Lenny Kravitz has no regrets about refusing to sign a record deal as a teenager as he feels doing so would mean he'd be ''history'' now.
Lenny Kravitz doesn't think he would still be making music now if he signed a huge record deal when he was 17.
The 'American Woman' hitmaker turned down the chance to join a major label when he was a teenager because he would have had to compromise his style.
The 54-year-old musician - who released his 11th studio album 'Raise Vibration' last week - says everyone at the time felt that only white people could make ''rock 'n' roll'', and this annoyed him as they hadn't done their research.
In an interview with The Times newspaper, the 'Fly Away' singer recalled: ''People, even black people, thought rock 'n' roll was white music.
''I'd have to say, 'Know your history, dude.
Lenny didn't want to be boxed into a genre, and he believes he would have been ''history'' if he'd have gone ahead with the deal and produced the kind of music that people of colour were stereotyped to make.
He continued: ''Everyone was into categories, and people were only willing to sign me if I worked with such and such a producer and made soul and R&B that would get played on black radio
''This was the mid-80s.
''I was 17, living in a car in New York, taking showers at friends' houses when their parents were at work and being offered big record deals if I would only change my music.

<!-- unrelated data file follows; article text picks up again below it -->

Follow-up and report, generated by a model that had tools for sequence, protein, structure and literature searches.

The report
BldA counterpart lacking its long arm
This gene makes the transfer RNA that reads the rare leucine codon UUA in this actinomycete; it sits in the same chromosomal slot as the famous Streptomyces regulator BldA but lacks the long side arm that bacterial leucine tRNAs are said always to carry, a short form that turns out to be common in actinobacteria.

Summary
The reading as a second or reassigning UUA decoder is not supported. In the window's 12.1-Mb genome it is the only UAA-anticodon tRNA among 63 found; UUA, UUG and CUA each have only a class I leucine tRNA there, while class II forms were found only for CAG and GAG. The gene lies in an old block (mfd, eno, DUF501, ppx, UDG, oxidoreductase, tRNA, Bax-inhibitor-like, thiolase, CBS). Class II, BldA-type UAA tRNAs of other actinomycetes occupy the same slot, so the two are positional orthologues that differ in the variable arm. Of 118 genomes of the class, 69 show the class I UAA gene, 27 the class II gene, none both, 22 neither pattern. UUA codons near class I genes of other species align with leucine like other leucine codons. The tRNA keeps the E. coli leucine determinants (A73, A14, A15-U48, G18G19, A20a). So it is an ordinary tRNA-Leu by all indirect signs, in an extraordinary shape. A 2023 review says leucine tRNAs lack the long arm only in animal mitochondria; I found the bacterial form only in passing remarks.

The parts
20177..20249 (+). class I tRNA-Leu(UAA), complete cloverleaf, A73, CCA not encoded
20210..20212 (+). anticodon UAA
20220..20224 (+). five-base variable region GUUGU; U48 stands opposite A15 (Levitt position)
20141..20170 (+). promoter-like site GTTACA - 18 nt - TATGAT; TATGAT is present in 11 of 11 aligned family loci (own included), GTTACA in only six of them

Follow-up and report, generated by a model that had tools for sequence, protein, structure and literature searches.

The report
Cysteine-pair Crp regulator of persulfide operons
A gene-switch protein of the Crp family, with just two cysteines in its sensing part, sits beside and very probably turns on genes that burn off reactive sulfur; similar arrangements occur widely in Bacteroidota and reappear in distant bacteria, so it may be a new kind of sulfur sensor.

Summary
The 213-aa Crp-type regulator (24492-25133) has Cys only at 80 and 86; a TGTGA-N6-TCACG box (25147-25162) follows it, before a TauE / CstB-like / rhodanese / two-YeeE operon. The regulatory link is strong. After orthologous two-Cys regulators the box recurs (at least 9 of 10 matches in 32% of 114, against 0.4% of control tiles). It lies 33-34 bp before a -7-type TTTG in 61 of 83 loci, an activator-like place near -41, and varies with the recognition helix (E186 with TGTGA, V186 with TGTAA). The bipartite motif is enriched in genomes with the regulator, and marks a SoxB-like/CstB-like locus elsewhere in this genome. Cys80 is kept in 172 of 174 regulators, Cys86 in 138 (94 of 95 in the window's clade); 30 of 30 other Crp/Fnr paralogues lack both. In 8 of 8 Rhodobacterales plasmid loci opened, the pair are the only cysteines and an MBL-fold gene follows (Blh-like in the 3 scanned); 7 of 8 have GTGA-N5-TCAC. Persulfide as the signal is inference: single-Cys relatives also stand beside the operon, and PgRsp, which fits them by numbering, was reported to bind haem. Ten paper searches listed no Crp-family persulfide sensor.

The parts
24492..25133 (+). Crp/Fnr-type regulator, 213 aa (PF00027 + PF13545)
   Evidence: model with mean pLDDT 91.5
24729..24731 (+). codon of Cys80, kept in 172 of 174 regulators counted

''One executive brought out a contract with a pen and got so mad when I turned him down that he wanted to kick my ass.
''They were promising the world.
''Why not take the money and the fame? Because, if I had, I wouldn't be sitting with you today. I would have been history.''
Meanwhile, Lenny recently revealed he and the late Aretha Franklin had been making plans to record music together before she passed away.
He said: ''Although we played live [together] ,I really wanted to go in the studio with her and I thought it would happen.
''We talked about it but unfortunately it's not possible now.
''We talked about it and we were both into it but you never think about people dying.
''None of us know when we're going. But that is something I would have really been into.''
Asked what music he would have made with The Queen of Soul - who died last month - he said: ''Something very old school soul, that gospel feel. Those sessions she did in Alabama, that amazing rhythm section, those Atlantic years were my favourite records of hers, something like that.''
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